Achieving a career-best finish in the World Rally Championship is something to savor. Whether the crew is competing in the top class or on their way up the ladder, it’s always an important moment in their careers.
For Sean Johnston and Alex Kihurani there was celebration last week when they equaled their best finish of 11th overall, but topped it up with second in WRC2 on Safari Rally Kenya – their first ever podium finish.
But that was equally mixed with a sense of relief to have just seen the finish line, as believe us when we tell you they did it the hard way last week.
The Safari was always going to be a big event in Johnston and Kihurani’s WRC2 campaign. Not only was it their nominated ‘overseas’ round, but it was a homecoming for Kihurani who is half-American, half-Kenyan.
It’s also obviously a supreme sporting challenge that Kihurani had predicted “was going to be 30-40% more brutal than in the past”. Little did he know how true his words would prove.
Their problems began on the recce when Johnston began to feel rather sick. That’s never a good situation to be in, but to be feeling awful just ahead of the biggest and toughest WRC event of the season was far from ideal, to say the least.
“From Sunday to Monday I was up all night vomiting and evacuating my bowels as well, it was incredibly uncomfortable,” Johnston told DirtFish.
“So on the Monday, the first day of recce, I had the grand total of three granola bars throughout the whole day, starting in the early afternoon just because I was so nauseous and sick, it was the most uncomfortable recce I think I’ve ever driven in my entire life.
“My stomach never really recovered in terms of feeling good and happy, but I don’t know what it was on Friday evening – I was feeling quite hungry after the day of rallying so I ate a bunch, but then my stomach pain just kept growing and growing and I kept getting more and more nauseous.
“And then there was a music festival going on right across the street from our hotel, and it was so loud I was able to literally feel the music in my skeleton, and I think it was around 3am that they finally toned down the music festival.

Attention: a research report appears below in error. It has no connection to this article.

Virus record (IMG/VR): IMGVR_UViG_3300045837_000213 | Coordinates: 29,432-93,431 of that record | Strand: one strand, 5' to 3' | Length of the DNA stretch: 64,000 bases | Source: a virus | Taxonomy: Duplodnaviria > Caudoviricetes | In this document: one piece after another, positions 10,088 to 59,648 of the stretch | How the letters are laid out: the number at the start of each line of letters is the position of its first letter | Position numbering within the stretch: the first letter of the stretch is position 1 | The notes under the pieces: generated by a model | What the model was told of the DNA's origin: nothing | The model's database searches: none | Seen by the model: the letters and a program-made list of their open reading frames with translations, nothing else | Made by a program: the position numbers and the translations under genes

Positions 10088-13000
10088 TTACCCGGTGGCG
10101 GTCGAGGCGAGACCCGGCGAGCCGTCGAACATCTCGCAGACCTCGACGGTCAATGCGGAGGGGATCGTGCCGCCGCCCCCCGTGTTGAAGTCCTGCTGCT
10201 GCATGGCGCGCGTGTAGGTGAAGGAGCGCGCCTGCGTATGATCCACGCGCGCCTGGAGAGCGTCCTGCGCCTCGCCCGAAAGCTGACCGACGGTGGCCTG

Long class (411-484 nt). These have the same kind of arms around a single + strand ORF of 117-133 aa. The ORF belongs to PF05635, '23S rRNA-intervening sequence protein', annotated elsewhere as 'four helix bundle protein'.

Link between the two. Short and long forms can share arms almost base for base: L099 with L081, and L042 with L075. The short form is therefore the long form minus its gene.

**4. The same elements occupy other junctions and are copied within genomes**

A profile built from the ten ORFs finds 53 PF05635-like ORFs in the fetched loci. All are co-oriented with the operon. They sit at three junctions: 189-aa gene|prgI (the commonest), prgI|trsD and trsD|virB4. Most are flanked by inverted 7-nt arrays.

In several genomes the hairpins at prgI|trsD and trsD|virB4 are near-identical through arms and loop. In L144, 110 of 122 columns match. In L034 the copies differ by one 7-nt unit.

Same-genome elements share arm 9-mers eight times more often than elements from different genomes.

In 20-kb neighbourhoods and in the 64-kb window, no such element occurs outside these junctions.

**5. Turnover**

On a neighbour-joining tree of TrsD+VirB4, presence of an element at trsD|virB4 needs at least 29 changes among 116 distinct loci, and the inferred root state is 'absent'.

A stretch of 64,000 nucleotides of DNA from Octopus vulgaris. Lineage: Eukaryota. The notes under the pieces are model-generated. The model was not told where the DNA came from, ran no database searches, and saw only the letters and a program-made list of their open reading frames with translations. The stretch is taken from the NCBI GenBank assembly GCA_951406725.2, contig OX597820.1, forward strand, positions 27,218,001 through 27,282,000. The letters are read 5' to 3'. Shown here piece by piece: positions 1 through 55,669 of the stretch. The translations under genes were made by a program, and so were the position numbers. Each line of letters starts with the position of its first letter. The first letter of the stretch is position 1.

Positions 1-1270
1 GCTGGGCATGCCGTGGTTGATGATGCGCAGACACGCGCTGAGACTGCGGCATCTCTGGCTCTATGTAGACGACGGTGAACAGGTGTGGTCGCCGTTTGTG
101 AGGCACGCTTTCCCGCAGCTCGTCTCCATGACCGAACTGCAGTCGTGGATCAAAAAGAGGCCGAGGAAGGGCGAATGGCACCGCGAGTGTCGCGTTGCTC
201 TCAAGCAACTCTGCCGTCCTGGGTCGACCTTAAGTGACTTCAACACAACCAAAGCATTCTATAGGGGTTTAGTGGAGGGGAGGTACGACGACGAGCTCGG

“Between the noise and just feeling immense stomach pain and nausea I only got a few hours of sleep that night, I woke up in the morning and tried to vomit but at that point, it was just dry heaving, so not great.
“I came to service and was in tears just from how intense the stomach pain was, but luckily the chief medical officer was great and had one of the doctors on-site give me a shot of Omeprazole directly into my arm about a minute before getting into the rally car. That helped with the nausea but I was still just in crazy pain in the car.
“On Sunday I felt a little bit better, still not good for a normal rally but I felt a million bucks compared to how I felt on Saturday.”
In true Safari spirit, Johnston soldiered on. It was uncomfortable, it was never easy, but he and Kihurani made it to the end of what was a hugely important weekend for Kihurani in particular.
“It meant everything just going over the start ramp, let alone finishing and achieving a podium,” Kihurani told DirtFish.
“That whole start ramp at the Convention Centre in Nairobi is really historic and it’s something that I’ve seen all of my heroes do over the years. I know it’s something my dad always dreamed of doing and it’s something I’ve always dreamed of doing, so just sitting there realizing how many decades have passed and how long that journey has been from before even I was born to get to that point, I think it finally hit me when we were pulling up to the ramp.
“It made me even teary-eyed, and that’s not something that happens so often! It was very, very special just to make that start and be competing”
“I’m going to jump in and say it was one of my favorite moments of our working partnership so far,” said Johnston.
“Sharing that moment going over the ramp and to see Alex clearly so moved and so grateful to be there, it was an absolute honor to bear witness to generations of rally passion coming full circle as we drove up the ramp.
“It was truly something special and it was a gift for me to even just be there and witness that. It was a super beautiful moment.”
Once out on the stages though, the plan was simple: survive.